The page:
The most famous kings in ancient times were Sargon (Sharrukin) of Akkad (fl.c.2350 BC ), Hammurabi of Babylon (r.1792?–1750? BC ), and Nebuchadnezzar II (Nabu-kadurri-utsur, r.605?–560? BC ) of Babylon.
Under the caliphs Harun al-Rashid (ar-Rashid ibn Muhammad al-Mahdi ibn al-Mansur al-'Abbasi, r.786–809) and al-Mamun (abu al-'Abbas 'Abdullah al-Mamun, r.813–33), Baghdad was the center of the Arab scholarship that translated and modified Greek philosophy. A leading figure in this movement was Hunain ibn Ishaq (d.873), called Johannitius by Western scholastics. His contemporary was the great Arab philosopher Yaqub al-Kindi, whose catholicity assimilated both Greek philosophy and Indian mathematics. The founder of one of the four orthodox schools of Islamic law, which claims the largest number of adherents in the Muslim world, Abu Hanifa (d.767) was also a native Iraqi. Another celebrated figure in theology, 'Abd al-Hasan al-Ash'ari (c.913), who combated the rationalist Mu'tazila school, also lived in Baghdad; his influence still prevails in Islam. Al-Ghazali (Ghazel, d.1111), though Persian by birth, taught at the Nizamiyah University in Baghdad; he is one of the best-known Islamic philosopher-theologians. Iraq also produced famous mystics like Hasan al-Basri (642–728) and 'Abd al-Qadir al-Jilani (1077–1166); the latter's followers are numerous among Asian Muslims, and his tomb in Baghdad draws many pilgrims. Modern Iraq has produced no artist or writer famous outside the Arabic-speaking world.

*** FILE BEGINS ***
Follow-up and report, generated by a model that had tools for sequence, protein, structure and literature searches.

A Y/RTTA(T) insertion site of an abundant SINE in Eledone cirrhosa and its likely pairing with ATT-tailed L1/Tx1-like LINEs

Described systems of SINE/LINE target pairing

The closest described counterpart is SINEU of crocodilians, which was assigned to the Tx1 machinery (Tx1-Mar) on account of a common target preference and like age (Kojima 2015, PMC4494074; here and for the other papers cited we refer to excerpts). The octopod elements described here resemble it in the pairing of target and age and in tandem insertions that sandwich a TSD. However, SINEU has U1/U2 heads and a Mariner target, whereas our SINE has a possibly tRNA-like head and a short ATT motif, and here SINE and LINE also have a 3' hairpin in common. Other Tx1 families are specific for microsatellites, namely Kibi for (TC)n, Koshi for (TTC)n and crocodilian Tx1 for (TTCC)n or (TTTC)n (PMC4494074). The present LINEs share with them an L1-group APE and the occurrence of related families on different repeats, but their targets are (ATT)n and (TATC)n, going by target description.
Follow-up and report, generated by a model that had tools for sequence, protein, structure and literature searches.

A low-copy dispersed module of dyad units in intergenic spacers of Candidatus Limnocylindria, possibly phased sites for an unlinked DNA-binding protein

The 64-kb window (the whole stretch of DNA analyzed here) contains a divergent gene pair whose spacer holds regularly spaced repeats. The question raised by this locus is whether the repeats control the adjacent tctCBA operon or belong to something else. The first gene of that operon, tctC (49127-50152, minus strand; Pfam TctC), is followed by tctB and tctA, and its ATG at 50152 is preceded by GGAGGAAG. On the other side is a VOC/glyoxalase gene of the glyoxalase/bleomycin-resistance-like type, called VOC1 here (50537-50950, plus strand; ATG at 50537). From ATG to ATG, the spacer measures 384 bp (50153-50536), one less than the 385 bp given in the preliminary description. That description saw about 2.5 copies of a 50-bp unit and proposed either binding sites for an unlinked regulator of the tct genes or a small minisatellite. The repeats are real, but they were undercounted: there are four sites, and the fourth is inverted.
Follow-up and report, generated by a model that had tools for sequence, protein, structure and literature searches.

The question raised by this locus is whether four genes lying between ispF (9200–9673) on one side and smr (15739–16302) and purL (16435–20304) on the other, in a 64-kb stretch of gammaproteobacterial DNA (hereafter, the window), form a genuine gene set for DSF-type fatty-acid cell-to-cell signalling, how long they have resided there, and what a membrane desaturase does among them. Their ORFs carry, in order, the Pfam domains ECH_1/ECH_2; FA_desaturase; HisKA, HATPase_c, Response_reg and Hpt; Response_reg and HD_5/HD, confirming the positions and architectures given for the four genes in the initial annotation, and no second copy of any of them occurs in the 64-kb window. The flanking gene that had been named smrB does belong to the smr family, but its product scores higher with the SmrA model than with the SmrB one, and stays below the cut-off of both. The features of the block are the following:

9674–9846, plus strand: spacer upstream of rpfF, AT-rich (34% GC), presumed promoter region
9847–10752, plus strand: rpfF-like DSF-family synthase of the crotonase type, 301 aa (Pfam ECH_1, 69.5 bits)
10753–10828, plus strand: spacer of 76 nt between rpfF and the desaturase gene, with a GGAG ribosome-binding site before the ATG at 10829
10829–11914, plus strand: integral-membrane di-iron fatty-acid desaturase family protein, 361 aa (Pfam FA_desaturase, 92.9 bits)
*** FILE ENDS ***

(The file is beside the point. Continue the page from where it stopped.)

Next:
Gen. Saddam Hussein (Husayn) al-Takriti (b. 1937), served as chairman of the Revolutionary Command Council and president of the country from 1979 until his ousting in 2003.